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Dead of the Day: May 19, 1974

Portland Memorial Coliseum
Portland, Oregon
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The tremendous second show from the Fox Theater in ’77 is on this date, but our Dead of the Day is an evening from Portland, Oregon, in 1974 that is at least as epic. The first set is long and good, with Black Throated Wind, Sugaree, and Jack Straw as some of the high points. We also get one of only three live Money, Moneys, for whatever that is worth. But the China> Rider is, once again, a standout closer to the first set. The China Cat is an absolute rocker, and, while the playing on Rider is also excellent, it is Jerry’s high energy, emotional vocals that really make the latter tune special. The second set opens with Keith leading the way on a flat-out Promised Land that heads right into a scintillating Bertha. The Greatest Story Ever Told that follows is similarly hot. But watch out for Donna's vocals towards the end; they will either have you rushing for the skip button or grinning ear to ear, depending on your proclivities. Ship of Fools provides the deliverance and also leads to a rich and textured, beautifully rendered Weather Report Suite. The transition from there into Wharf Rat is pretty funky, and the tune itself comes together in spectacular fashion with Billy providing some somewhat subdued, but superb drums that set off the rest of the band. The boys really figure out how to wring all possible pathos from this tune, using changes in tempo, pregnant pauses, needling guitar work, foreboding keyboard fills, and Jerry’s rough but resonant voice to reinforce the deep melancholy of the lyrics. What’s crazy is that the Weather Report Suite> Wharf Rat is probably not even the biggest highlight of the set. That would be reserved for the Truckin'. After a slow and sweet Peggy-O, the Dead launch into their biographical standard, which turns out to be nothing but straight up, dear god, rock and roll jamming, as hot as it comes. And that is pretty much how the rest of the night goes, with a steamy Not Fade Away heading into a nearly out of control Goin’ Down the Road Feeling Bad before sending the set out with a One More Saturday Night and the show off with a US Blues.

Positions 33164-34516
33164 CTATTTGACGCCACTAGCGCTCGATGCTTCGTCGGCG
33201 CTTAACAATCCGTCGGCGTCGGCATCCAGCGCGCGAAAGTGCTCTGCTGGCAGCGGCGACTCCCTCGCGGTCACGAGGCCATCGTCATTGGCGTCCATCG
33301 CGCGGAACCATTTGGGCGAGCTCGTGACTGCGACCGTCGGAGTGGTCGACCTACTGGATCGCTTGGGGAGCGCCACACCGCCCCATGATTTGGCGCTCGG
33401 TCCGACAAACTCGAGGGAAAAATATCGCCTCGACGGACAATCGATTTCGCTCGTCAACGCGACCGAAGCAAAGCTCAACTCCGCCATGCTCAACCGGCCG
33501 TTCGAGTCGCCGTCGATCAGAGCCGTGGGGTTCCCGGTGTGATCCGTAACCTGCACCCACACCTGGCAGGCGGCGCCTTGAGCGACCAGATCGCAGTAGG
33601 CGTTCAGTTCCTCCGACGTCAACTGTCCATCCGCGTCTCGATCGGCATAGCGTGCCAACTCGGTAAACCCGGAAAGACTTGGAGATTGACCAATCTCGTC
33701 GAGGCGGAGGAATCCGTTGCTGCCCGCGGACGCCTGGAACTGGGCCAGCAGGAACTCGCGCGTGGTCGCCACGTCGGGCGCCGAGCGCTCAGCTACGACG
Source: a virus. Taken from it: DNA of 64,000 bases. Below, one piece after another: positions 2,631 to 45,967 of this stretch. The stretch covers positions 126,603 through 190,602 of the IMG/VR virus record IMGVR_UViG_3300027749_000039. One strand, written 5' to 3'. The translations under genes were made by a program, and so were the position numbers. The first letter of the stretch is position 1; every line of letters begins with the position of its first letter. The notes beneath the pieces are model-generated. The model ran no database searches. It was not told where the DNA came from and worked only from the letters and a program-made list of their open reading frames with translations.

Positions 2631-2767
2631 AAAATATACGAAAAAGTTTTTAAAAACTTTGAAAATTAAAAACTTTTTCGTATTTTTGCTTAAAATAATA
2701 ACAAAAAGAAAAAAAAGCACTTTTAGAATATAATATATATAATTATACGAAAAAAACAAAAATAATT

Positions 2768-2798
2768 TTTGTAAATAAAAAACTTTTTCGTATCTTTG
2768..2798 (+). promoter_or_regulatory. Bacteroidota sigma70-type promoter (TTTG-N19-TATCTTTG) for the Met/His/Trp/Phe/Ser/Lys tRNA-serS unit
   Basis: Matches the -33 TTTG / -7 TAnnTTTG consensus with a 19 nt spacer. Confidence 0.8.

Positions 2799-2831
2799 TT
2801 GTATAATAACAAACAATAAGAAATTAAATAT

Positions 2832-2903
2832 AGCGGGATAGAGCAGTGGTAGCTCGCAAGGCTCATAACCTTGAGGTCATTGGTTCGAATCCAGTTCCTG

By this point in 1974, the Dead’s Wall of Sound was fully operational, and they had had a few shows to really fine tune it. But the band was still discovering all the new sounds that they could create by taking advantage of the lush opportunities that the Wall of Sound provided. Although there are some mix problems in this show, you can hear the band, like kids with a new toy, experimenting throughout and, quite often, finding some intense new spaces in the music. It is a real treat to listen to the '74 sound as it develops over these couple weeks in concert with the Wall of Sound.

The Memorial Coliseum in Portland was completed in 1960 and dedicated in January 1961. Built in the International Style, the building’s exterior is made of glass and aluminum, highlighting form and aesthetic considerations over any grand social statement. However, the building is also a memorial to war veterans, with two black granite walls inscribed with a list of local veterans who died in combat. With its many windows, the building is sometimes referred to as the Glass Palace, and boasts some 9,000 permanent seats, but it probably had a capacity of around 14,000 for the Dead show with portable chairs and bleachers. The Dead only played five of their 22 Portland shows at the Memorial Coliseum, one in ’73 and three more in the early 80s - 6/12/80, 8/15/81, and 8/26/83 in addition to this 1974 date.

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